'Carpenter of Sickness'
You’re a missionary on the other side of the world. Such training as you have received has been almost solely for the purpose of saving souls.
But the people whose souls you desperately want to save are human beings like you, and they suffer from the same sicknesses and afflictions as you. There is no doctor, quite literally within 1000 miles except, maybe, for a passing ship’s surgeon.
If you are lucky, you have been supplied with a case of medicines, some equipment, and a smattering of training. To make up for your ignorance, you fall back on Buchan’s Domestic Medicine, all 650 pages of it. It was first published in 1769 and was still going strong nearly a century later.
You carry it round with you all day, every day. It fills a pocket of your great-coat, and with its help you do your best. For a Wesleyan missionary, at least, it’s a great improvement on John Wesley’s own Primitive Physick - every Wesleyan minister had one of these, as well.
It is easy to smile, or wince, at the rationale behind medical practice 200 years ago. We can understand why such medical men as there were in this part of the world were so derisive of the missionary’s faith in bleeding and blistering, and in purging and vomiting. But we wonder why mercury, or rhubarb, should have been considered beneficial.
We wouldn’t want to go back to those times but we might try to stand with the missionaries as they did their best. And we definitely should admire and honour the missionary wife who, almost without exception, became the midwife at her husband’s mission station.
The first Wesleyan missionary with medical qualifications was Richard Burdsall Lyth. Born in York in 1810 to John, a businessman and Mary Lyth (both of them Wesleyans), Richard was professionally trained and entered the ministry as a Member of the Royal Society of Surgeons of Edinburgh (MRCS) and a Licentiate of the Society of Apothecaries. He was received on probation at the 1836 Conference, and before his departure for the South Pacific married Mary Ann Hardy.
Richard and Mary arrived in Tonga in 1837, and spent two years at Ha'apai. He was then transferred to Somosomo, Fiji, and spent the next 16 years in those islands, mostly resident at Lakemba. For seven years he was District Chairman, and then for health reasons left Fiji and took up the appointment of Governor/Chaplain at Wesley College, Queen St., Auckland, for three years until his return to England in 1858.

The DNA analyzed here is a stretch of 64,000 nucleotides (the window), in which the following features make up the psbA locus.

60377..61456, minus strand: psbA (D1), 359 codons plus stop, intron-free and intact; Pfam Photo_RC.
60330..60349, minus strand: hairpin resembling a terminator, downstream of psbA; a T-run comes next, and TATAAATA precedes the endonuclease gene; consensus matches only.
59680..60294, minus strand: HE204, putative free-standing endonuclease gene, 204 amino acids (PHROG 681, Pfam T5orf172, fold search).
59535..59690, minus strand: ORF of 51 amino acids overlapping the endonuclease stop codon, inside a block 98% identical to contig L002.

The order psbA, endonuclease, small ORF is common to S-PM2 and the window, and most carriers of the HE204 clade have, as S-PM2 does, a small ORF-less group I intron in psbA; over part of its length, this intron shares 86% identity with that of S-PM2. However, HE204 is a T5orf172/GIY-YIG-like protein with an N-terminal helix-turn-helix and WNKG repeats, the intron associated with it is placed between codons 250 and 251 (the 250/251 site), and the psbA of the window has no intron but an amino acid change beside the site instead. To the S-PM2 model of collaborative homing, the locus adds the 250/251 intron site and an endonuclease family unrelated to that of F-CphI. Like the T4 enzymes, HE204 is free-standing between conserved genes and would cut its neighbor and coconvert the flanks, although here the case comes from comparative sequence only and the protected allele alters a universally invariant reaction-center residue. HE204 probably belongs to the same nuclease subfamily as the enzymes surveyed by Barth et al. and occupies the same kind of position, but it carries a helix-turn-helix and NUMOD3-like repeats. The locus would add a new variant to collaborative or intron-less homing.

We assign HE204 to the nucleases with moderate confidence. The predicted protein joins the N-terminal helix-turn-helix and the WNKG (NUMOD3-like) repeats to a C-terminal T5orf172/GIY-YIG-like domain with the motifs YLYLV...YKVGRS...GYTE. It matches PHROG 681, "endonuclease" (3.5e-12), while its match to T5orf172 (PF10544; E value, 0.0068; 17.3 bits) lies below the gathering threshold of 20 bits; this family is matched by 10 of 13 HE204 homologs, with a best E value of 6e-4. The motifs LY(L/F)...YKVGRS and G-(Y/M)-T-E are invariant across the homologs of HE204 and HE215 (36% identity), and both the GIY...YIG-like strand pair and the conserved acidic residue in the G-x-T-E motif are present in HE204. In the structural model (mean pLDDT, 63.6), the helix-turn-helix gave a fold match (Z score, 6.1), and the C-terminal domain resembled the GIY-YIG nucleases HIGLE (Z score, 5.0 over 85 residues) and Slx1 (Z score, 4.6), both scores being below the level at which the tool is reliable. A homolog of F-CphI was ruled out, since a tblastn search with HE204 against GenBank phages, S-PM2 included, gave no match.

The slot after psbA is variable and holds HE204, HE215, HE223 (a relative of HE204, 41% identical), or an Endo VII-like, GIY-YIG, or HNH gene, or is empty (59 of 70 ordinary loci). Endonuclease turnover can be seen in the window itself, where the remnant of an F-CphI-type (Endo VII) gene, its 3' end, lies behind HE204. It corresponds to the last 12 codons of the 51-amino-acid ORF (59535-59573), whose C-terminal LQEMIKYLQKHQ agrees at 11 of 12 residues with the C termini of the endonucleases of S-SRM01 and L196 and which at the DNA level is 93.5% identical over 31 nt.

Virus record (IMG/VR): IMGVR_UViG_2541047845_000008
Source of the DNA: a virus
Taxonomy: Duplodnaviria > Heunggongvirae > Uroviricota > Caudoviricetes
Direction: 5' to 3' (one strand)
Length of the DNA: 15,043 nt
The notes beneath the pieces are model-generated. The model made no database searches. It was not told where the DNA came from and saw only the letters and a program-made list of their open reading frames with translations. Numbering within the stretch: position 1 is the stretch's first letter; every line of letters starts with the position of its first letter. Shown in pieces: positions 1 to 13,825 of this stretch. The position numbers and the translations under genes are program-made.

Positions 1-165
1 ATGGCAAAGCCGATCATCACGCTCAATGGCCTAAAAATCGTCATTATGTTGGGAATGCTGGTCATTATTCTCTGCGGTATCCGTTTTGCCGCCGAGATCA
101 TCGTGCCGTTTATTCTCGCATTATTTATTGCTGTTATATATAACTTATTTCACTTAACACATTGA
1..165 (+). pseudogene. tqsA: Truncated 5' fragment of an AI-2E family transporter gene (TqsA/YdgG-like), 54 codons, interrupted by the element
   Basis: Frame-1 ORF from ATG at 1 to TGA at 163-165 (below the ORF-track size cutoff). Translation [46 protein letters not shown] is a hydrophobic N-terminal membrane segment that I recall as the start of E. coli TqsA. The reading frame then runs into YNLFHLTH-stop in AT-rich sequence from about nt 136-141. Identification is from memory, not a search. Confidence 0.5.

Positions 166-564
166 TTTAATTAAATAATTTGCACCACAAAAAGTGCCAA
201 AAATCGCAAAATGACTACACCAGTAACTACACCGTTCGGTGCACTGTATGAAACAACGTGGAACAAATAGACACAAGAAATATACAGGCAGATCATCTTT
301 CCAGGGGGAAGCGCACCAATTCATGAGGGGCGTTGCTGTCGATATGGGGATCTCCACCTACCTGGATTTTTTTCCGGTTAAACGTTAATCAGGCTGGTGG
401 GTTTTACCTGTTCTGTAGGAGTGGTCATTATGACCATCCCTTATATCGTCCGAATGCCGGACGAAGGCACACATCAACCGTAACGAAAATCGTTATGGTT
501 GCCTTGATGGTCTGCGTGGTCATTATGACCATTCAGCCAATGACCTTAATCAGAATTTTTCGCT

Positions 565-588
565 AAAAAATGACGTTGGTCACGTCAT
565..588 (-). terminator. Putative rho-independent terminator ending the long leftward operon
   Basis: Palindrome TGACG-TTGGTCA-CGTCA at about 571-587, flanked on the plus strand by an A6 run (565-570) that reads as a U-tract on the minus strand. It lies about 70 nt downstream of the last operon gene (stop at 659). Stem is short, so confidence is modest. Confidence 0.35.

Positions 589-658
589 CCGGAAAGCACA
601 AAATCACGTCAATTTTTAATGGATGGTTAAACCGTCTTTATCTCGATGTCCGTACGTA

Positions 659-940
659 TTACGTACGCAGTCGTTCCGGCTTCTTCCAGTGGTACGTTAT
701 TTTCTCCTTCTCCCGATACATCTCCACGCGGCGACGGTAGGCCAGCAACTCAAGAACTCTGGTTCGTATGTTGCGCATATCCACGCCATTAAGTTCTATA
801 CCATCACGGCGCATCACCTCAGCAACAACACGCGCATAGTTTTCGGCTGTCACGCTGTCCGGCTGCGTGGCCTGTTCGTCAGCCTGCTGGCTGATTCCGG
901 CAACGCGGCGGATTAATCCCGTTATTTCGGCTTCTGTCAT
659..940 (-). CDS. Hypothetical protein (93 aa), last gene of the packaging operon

All references to Richard Burdsall Lyth stress his devotion, sanctity and modesty. His professional skills were available to the people of the area and to the missionary families in Fiji. He was called ‘matai-ni-mate’, ‘carpenter of sickness’, by the Fijian people, and is remembered with honour.
But he is equally remembered for his aptitude for training native catechists. His stations at Lakemba and Viwa became seminaries for preachers. Significant leaders of Fijian Methodism whom he trained included Joel Bula, Paul Vea, and Matthias Vave. He was also an accurate and thorough-going linguist and took a large share of the work of translating the scriptures, while correcting the efforts of his colleagues.
When Lyth returned to England in 1859 he spent seven years in the warmer Circuits of southern England, before superannuating. During that time he was largely responsible for revising the whole of the Fijian-language Bible being put together by the British and Foreign Bible Society.
He superannuated in 1866, but in 1869 he went to Gibraltar as chaplain to the forces, for four years. Maybe he was chasing the sun again. He died at his home city of York in 1887.
It seems extraordinary that Lyth never regarded himself, nor was officially appointed by his superiors in London, as a medical missionary. In the five-volume History of the Wesleyan Missionary Society one of the authors stated that he strictly subordinated “therapeutic to evangelistic interests”.
What does that say to us in 2015? Would we invert the order? Our scientific world view might assign spiritual health to second place after that of physical health. Is that a fair comment? Evangelist or therapist – either way Richard Burdsall Lyth is to be honoured.
Richard Burdsall Lyth
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